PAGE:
Sun Records wasn't the only famous yellow-labeled record company in Tennessee. The Starday label cranked out hundreds of country singles and LPs from the early 1950s through the '70s. And, despite what John Sebastian may say in The Lovin' Spoonful song "Nashville Cats," Sun wasn't based in Nashville. Neither was Starday, which was founded in Texas by "Pappy" Daily, moved to Hollywood (!) after being bought by Don Pierce in 1953, and soon wound up in the more appropriate home of Madison, Tennessee. For more history of the label, Both Sides Now Publications has an excellent write-up and discography.
There's been tons of country sampler albums over the years, and to this day the king of various artists comps has to be Starday. By the time they began issuing LPs in 1956, they had a serious backlog of singles sides, and went to work recycling that material. By 1959, they had only issued 10 long-players, and of those six were samplers. Then the floodgates opened and the label exploited the growing LP market with abandon, issuing tons of collections of older or otherwise leftover material.
In 1960, the label even upped the ante by beginning to issue "limited edition" double-album sets, which today are a great place to get an overview of what the label was up to. There's straight traditional country, bluegrass, ballads and boppers, and even some concessions to the emerging "countrypolitan" sound. Also, some harder-to-find early tracks by artists who went on to become famous on other labels tend to be sprinkled throughout Starday's samplers. Without digging too closely into discographies, it also appears these collections sometimes include some previously unreleased tracks.
Over the years, Starday would issue about 20 of these double albums, along with too many single-LP collections to count easily. If picking up any of their samplers, though -- and this goes for any '60s budget-line reissues in general -- it's always best to keep an eye out for the mono version if it exists; some incredibly bad rechanneled stereo is likely to be found on many of these types of repackage jobs. Even worse, rawer-sounding '50s tracks are also occasionally ruined with bad countrypolitan overdubbing as well. Thankfully the Starday compilations I've encountered never attempt that trick at "fixing" tracks.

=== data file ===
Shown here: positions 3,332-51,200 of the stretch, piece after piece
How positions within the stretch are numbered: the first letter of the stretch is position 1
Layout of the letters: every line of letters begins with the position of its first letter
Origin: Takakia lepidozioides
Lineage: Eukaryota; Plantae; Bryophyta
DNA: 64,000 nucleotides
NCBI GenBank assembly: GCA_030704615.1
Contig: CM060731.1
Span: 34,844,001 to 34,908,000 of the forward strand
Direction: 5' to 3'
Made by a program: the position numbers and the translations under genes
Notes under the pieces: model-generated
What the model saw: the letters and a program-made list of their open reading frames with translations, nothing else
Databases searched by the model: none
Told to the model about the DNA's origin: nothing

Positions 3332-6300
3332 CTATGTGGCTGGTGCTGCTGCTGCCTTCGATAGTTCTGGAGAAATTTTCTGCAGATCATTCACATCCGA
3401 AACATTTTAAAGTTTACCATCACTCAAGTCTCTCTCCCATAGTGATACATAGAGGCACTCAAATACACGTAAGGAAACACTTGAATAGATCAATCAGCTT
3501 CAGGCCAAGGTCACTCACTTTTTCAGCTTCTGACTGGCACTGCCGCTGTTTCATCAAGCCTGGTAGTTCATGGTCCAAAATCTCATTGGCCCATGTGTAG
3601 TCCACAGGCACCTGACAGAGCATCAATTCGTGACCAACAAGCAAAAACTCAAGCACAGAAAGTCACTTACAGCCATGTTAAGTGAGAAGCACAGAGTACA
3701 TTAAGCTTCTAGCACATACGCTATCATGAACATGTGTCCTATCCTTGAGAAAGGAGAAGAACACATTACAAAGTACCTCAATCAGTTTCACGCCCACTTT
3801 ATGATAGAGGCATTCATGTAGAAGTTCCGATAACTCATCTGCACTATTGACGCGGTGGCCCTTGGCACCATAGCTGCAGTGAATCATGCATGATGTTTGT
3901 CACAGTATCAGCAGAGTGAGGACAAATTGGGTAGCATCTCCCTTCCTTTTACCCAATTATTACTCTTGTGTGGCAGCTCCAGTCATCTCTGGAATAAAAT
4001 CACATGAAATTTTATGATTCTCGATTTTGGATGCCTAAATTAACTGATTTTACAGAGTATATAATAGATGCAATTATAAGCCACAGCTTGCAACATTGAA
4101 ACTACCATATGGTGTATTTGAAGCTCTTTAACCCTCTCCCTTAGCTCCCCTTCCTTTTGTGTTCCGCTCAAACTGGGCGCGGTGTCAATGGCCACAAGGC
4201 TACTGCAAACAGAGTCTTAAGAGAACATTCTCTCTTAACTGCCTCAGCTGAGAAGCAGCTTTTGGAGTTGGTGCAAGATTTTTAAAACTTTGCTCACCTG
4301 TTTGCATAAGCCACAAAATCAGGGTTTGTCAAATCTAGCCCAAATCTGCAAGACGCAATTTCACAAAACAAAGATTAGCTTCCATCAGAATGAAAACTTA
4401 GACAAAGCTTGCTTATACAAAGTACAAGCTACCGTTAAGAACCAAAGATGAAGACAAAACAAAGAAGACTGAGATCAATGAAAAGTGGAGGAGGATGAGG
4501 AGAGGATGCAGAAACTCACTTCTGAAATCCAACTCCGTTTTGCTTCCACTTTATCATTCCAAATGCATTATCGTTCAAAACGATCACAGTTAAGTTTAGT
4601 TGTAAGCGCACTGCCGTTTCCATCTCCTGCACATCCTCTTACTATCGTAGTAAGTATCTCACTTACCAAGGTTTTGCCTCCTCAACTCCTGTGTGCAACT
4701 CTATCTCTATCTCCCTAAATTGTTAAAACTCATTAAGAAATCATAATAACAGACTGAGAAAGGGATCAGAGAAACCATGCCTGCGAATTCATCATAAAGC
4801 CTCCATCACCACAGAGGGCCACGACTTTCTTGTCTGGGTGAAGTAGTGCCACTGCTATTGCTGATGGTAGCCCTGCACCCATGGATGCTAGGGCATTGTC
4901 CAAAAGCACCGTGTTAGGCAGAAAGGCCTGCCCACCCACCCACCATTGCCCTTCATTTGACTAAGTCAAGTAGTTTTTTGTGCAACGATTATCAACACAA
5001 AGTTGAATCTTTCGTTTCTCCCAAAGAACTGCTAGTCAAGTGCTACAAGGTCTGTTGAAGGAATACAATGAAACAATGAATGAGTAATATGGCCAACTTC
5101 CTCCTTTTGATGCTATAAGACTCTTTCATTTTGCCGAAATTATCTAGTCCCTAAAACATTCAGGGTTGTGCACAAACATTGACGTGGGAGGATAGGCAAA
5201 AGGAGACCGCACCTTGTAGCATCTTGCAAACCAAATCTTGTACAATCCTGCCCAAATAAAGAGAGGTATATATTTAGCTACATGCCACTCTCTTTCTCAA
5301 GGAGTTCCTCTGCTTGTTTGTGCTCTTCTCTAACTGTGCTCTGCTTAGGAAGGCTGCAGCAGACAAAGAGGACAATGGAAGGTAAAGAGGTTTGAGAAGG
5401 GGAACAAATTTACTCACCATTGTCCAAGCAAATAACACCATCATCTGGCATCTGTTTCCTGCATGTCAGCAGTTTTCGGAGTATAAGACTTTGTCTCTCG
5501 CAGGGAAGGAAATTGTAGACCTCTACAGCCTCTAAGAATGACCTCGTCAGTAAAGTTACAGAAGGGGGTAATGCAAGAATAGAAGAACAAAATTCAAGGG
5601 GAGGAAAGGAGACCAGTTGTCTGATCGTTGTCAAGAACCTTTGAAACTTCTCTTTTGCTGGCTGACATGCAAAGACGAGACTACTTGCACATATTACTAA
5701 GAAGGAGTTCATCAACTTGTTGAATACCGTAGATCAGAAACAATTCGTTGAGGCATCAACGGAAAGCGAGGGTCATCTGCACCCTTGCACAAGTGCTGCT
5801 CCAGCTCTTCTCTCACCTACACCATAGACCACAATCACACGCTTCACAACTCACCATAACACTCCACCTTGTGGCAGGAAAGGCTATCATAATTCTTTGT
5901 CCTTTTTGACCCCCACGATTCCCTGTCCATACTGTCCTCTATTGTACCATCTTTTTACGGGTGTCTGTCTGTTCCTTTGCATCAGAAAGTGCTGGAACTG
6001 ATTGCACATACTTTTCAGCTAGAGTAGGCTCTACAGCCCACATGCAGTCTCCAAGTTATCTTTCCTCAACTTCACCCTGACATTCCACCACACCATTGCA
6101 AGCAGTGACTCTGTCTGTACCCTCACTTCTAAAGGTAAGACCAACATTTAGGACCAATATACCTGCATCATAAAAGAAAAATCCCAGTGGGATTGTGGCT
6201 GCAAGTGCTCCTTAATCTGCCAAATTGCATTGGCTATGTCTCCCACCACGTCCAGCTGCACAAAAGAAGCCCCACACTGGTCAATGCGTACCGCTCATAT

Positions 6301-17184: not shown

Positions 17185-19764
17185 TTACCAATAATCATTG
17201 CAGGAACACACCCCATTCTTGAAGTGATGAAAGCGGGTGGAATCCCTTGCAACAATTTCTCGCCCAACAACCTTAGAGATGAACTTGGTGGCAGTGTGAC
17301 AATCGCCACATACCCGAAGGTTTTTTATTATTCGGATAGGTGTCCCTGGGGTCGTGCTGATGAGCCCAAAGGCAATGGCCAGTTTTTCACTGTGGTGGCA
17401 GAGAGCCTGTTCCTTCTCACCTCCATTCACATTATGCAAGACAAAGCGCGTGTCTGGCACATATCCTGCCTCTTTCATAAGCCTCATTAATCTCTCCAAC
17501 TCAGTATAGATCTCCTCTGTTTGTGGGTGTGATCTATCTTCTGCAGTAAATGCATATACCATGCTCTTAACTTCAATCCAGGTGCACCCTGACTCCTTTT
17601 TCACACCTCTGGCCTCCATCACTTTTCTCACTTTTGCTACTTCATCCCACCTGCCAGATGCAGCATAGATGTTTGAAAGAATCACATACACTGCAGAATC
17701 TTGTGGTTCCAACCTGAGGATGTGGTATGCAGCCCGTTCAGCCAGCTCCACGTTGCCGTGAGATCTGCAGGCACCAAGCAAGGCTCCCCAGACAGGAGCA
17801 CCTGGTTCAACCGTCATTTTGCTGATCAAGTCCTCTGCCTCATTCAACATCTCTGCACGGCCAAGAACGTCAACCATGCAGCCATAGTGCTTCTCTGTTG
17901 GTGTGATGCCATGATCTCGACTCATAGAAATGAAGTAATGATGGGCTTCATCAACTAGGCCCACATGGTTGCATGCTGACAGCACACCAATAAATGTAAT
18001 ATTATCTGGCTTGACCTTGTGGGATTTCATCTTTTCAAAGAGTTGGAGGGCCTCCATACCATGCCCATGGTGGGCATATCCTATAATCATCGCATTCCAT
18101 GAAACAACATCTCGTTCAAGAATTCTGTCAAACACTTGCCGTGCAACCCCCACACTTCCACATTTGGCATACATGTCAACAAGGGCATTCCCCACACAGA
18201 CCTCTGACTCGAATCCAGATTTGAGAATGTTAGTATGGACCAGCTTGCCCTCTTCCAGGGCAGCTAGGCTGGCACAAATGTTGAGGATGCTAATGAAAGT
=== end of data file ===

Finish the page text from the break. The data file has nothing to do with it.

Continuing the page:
Starday's sets often followed some sort of theme -- the 10 volumes in their Country Music Hall of Fame series are just one example -- but there are also some discs which present a seemingly completely random collection of tracks. Here are some notes on a couple of non-themed comps unearthed recently in Madison dollar bins.
The Hit Parade of American Country Music features 36 tracks, and I sure hope there are no Canadians on here, since the label felt the need to point out C&W's home base in the title. The appellation "hit parade" is also a bit goofy, as the songs included that were hits are mostly represented by cover versions by Starday artists! This collection leans heavily on Cowboy Copas, whose career had recently been revived by the crossover hit "Alabam." Ten songs is excessive, though it appears some of them may have been unique to this collection at the time. Much of the rest of the set follows the mid-tempo balladry of Copas' material, making this one of the most sedate Starday compilations I've encountered. Five early Dottie West tracks are welcome, even though it includes a couple Patsy Cline covers. Other highlights include Donny Young (better know as Johnny Paycheck) doing his best George Jones impersonation on "The Window Up Above," the best Justin Tubb song I've ever heard, the self-written "Five Minutes of the Latest Blues," and the sublimely ridiculous "Tattooed Lady" by The Willis Brothers. (Starday, 1962)
Country and Western Golden Hit Parade also contains a chunk of countrypolitan-aimed ballads. Starday's take on "smoother musical backgrounds" still retains much more of a traditional sound than, say, what RCA was up to at the time; there's very rarely any gloppy strings. Again, despite the title, most of the songs recognizable as hits tend to be cover versions. In fact, while making a quick comparison with Starday's singles discography, very few of the songs were even singles tracks. But overall, it's balanced well between ballads and up-tempo material, and there' are some boppers from unexpected sources. Archie Campbell does a decent cover of "Root Beer," a George Jones re-write of "White Lightning." Arthur "Guitar Boogie" Smith, who I've usually only heard doing mellow instrumentals, has an entertaining talking blues called "Hospitality Blues." And who expected a fuzztone steel guitar intro on the Red Sovine ballad "There's Always One"? Trucker music had hit Starday by the time this album was issued, but is represented only by the somewhat awkward "Sleeper Cab Blues" by Tom O'Neal. Rarities include an early Buck Owens track in full-on Hank Williams mode (listed as "Buck Owen"), "The House Down the Block." There was even a George Jones song I'd never heard, "It's OK," which was an early B-side and apparently only available on LP otherwise on his(and Starday's) extremely rare first album. (Starday, 1963)
Starday merged with Cincinnati's fellow traditionalists King Records in 1968, and the flow of new recordings slowed until Starday-King was purchased by corporate interests. Eventually the publishing side of the business was split from the recordings and master tapes, which ended up being heavily repackaged once again through GML/International Marketing Group via various label names over the past three decades. The label's story will be told by its longtime president, Don Pierce, in the upcoming book The Starday Story: The House That Country Music Built, from the University Press of Mississippi.